Edward Weston was renowned as one of the masters of 20th century photography. His legacy includes several thousand carefully composed, superbly printed photographs which have influenced photographers around the world for 60 years. Photographing natural landscapes and forms such as artichoke, shells, and rocks, using large-format cameras and available light. Weston's sensuously precise images raise to the level of poetry. The subtle use of tones and the sculptural formal design of his works have become the standards by which much later photographic practice has been judged. Ansel Adams has written: "Weston is, in the real sense, one of the few creative artists of today. He has recreated the matter-forms and forces of nature; he has made these forms eloquent of the fundamental unity of the world. His work illuminates man's inner journey toward perfection of the spirit."
Edward Henry Weston was born in Highland Park, Illinois, and raised in Chicago. He attended Oakland Grammar School and received his first camera, a Bull's-Eye #2, from his father in 1902. He began photographing in his spare time in Chicago parks while working as an errand boy and salesman for Marshall Field and Company. In 1906 Weston traveled to California where he worked as a door-to-door portrait photographer. From 1908 to 1911 he attended the Illinois College of Photography, spending his summers in California working as a printer in photographic studios.
Weston operated his own portrait studio between 1911 and 1922 in Tropico, California. He became successful working in a soft-focus, Pictorial style, winning many salon and professional awards. After viewing an exhibition of modern art at the San Francisco World's Fair in 1915, Weston became more and more dissatisfied with his own work. By 1920 he was experimenting with semi-abstractions in a hard-edged style.
In 1922 Weston traveled to New York City, where he met Alfred Stieglitz, Paul Strand, and Charles Sheeler. His photographs of the ARMCO Steelworks in Ohio at this time marked a turning point in his career. These industrial photographs, similar to work by Sheeler, were true "straight" images: unpretentious, and true to the reality before the photographer. Weston later wrote, "the camera should be used for a recording of life, for rendering the very substance and quintessence of the thing itself, whether it be polished steel or palpitating flesh."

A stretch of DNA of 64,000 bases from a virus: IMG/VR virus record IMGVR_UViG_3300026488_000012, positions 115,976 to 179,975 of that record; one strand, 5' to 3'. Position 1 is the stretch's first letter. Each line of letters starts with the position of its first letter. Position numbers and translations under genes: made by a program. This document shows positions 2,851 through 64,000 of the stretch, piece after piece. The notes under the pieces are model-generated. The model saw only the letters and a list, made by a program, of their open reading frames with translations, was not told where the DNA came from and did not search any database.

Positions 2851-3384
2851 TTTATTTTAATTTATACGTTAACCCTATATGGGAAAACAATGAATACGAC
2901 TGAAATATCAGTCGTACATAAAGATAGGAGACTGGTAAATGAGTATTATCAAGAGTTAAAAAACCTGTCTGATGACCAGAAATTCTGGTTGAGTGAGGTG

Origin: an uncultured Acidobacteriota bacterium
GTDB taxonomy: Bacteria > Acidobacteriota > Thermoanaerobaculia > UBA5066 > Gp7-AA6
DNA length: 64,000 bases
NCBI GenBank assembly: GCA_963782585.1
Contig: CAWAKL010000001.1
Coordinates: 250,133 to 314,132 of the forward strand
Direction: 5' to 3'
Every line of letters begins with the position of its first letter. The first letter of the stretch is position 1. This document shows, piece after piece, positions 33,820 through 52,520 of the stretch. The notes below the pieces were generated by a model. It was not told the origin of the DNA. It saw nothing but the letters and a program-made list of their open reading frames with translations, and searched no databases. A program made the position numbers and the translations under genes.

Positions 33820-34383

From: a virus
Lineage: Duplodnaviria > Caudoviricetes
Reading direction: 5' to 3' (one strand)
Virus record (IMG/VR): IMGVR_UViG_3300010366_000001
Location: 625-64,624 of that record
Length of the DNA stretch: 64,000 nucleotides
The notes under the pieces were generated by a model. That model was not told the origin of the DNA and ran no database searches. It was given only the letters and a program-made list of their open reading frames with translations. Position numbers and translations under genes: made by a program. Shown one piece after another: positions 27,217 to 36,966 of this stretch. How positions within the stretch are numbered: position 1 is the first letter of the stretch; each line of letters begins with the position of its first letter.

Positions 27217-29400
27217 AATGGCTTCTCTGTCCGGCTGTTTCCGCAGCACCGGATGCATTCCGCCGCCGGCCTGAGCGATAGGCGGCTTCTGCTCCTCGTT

Weston opened a San Francisco studio with his son Brett in 1928. The following year he moved to Carmel where he began photographing in the Point Lobos area. He organized with Edward Steichen the American section of the 1929 Stuttgart Film und Foto exhibition at this time. In 1932 Weston was a founding member of the f/64 group of purist photographers along with Ansel Adams, Willard Van Dyke, Imogen Cunningham, and Sonya Noskowiak. The Art of Edward Weston, a book of nearly 40 photographs, was published the same year.
A major retrospective of 300 prints of Weston's work was held at the Museum of Modern Art, New York, in 1946. Weston began experiments with color photography the following year, and was the subject of a film, The Photographer, by Willard Van Dyke.
Weston's work of the late 1940s was hampered by Parkinson's disease. He took his last photographs in 1948 at Point Lobos. During the next 10 years of progressively incapacitating illness, Weston supervised the printing by his sons, Brett and Cole, of his life's work. His Fiftieth Anniversary Portfolio appeared in 1952. Three years later, eight sets of prints from 1000 Weston negatives were produced. Weston died in Carmel in 1958.
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